You can generate [N] (and [d]) directly from the raw score data, but it’s more straightforward to generate the binary matrix [A] in sparse form.

Sorry if I was unclear, the matrix I am using is the square matrix from performing the lease squares estimate of the solution. To use your variables, I am solving A’Ax=A’b, and having trouble with A’A being diagonally dominant.

Post your raw data and I will post an OPR

solution with all the intermediate matrices and column vectors so you can locate where the error is.

Are you pulling the list of teams at the event for the event from a separate request (i.e. not deriving it from from parsed match data)? If so, you may have to go through your list of teams and eliminate no-shows, because they will appear on the TBA (assuming you are using TBA data) teams list, but not in any matches, causing the row/column for that no-show team in the original match matrix to be all zeroes, making Ax = b underdetermined and thereby unsolvable. This would also lead to your problem of A’A being a singular matrix, and therefore not strictly diagonally dominant.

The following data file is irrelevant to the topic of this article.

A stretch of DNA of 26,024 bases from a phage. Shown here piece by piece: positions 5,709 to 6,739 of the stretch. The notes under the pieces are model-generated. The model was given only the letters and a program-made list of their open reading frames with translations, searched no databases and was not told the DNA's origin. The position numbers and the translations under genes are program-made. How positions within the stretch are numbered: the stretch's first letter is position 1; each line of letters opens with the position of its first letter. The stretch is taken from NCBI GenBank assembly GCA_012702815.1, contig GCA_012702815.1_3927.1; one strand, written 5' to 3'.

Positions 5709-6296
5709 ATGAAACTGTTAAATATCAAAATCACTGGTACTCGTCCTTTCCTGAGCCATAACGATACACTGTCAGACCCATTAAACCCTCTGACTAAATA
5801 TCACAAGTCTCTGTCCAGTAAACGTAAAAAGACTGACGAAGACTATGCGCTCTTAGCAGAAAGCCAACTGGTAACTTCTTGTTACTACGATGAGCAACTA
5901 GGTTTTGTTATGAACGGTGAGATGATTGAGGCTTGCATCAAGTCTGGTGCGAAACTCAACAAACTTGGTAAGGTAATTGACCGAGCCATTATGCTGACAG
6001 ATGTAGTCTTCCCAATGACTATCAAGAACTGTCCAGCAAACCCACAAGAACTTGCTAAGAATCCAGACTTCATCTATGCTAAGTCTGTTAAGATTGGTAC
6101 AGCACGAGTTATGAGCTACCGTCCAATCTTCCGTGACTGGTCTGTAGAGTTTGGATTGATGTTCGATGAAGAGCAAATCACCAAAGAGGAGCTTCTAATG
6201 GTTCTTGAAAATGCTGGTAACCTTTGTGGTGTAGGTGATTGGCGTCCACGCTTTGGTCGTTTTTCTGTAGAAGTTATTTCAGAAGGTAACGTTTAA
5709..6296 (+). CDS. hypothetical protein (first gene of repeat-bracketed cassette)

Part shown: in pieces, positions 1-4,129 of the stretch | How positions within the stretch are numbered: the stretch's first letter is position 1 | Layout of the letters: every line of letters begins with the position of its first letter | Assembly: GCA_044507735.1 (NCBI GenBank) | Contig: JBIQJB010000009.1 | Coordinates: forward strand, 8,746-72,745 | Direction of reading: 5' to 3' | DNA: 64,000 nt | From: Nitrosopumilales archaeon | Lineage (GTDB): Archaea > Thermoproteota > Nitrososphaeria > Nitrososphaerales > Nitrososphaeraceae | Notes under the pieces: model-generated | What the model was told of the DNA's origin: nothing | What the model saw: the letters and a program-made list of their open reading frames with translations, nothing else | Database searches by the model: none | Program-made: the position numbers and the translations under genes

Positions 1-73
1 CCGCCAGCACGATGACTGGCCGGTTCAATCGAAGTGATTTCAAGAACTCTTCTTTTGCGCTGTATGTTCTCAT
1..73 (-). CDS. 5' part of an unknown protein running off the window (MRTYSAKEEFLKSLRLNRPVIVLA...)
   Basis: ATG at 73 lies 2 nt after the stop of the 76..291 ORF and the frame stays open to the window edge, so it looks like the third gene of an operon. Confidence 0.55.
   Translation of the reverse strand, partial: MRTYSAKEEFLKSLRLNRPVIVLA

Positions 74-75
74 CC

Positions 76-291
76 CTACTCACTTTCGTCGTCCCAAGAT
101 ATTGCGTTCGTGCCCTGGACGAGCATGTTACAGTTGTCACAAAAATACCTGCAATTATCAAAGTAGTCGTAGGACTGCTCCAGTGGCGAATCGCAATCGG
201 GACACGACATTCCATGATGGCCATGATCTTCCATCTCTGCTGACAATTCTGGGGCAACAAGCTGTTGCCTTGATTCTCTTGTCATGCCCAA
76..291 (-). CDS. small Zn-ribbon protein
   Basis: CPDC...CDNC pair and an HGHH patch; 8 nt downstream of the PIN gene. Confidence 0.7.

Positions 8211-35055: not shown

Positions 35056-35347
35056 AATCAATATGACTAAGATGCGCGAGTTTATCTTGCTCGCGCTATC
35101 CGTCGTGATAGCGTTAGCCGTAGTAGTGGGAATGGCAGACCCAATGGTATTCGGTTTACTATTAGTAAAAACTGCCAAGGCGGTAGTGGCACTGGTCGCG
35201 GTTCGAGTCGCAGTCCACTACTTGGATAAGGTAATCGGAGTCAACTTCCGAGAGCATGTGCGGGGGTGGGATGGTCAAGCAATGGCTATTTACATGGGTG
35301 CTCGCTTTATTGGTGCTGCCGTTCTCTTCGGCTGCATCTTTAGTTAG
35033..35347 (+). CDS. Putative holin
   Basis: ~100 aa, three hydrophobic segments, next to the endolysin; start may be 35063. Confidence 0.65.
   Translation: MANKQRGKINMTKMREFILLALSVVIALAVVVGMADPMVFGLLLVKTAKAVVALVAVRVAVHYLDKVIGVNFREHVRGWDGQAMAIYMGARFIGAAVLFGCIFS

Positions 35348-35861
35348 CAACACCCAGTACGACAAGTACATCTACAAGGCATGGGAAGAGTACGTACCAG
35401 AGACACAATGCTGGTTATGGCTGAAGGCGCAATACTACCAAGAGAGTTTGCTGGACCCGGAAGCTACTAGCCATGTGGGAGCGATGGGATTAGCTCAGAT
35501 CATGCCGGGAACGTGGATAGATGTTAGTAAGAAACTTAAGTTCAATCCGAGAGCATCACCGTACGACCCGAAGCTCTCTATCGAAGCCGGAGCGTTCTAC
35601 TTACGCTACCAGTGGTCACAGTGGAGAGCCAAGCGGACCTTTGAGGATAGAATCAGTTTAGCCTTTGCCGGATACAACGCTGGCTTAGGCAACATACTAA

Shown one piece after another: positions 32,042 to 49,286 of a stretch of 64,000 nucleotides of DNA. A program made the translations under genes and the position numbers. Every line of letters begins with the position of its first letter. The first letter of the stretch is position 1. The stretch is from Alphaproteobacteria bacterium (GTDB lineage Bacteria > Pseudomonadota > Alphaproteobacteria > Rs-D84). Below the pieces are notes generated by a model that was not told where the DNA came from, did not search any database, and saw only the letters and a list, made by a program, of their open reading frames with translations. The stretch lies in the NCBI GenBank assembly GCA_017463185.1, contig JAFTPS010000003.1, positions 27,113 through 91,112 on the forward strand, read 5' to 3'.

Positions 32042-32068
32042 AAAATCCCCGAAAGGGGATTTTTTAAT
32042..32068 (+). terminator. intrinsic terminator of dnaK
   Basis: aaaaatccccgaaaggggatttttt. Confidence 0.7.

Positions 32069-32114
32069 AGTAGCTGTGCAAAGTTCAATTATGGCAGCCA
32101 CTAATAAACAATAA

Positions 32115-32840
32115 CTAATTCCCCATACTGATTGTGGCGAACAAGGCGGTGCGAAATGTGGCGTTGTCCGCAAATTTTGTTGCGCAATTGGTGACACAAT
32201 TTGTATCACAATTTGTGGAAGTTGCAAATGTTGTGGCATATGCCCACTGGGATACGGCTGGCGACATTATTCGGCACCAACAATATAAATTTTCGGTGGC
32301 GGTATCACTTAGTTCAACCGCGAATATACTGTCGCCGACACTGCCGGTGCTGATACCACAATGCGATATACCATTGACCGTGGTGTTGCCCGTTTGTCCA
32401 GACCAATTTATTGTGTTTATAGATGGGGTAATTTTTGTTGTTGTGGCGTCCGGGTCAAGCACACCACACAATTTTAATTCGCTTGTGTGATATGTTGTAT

Here’s a link to the raw data (each row is an alliance) and matrix. I’m not worried about the score vector, that is very straightforward. Team data comes from a master spreadsheet used for scouting at the event, checked manually against TBA. I did check the sums of the rows and the values matched what I expected.

Thanks for the help!

OK:

Your “Teams” tab has data for only 44 alliances, which would generate 44 linear equations.

But you have 64 teams.

So you have more unknowns (Team OPRs) than equations.

So the linear system is underdetermined, and has no unique solution. There are an infinite number of solutions.

There are at least three ways you could deal with this.

1. Wait until you have enough data so you have an overdetermined system and there is a unique least-squares solution

2. Solve the system using the Moore-Penrose pseudo-inverse: x=pinv(A)*b. This will select the solution x which has minimum ||x||

3. Just compute each team’s average (instead of OPR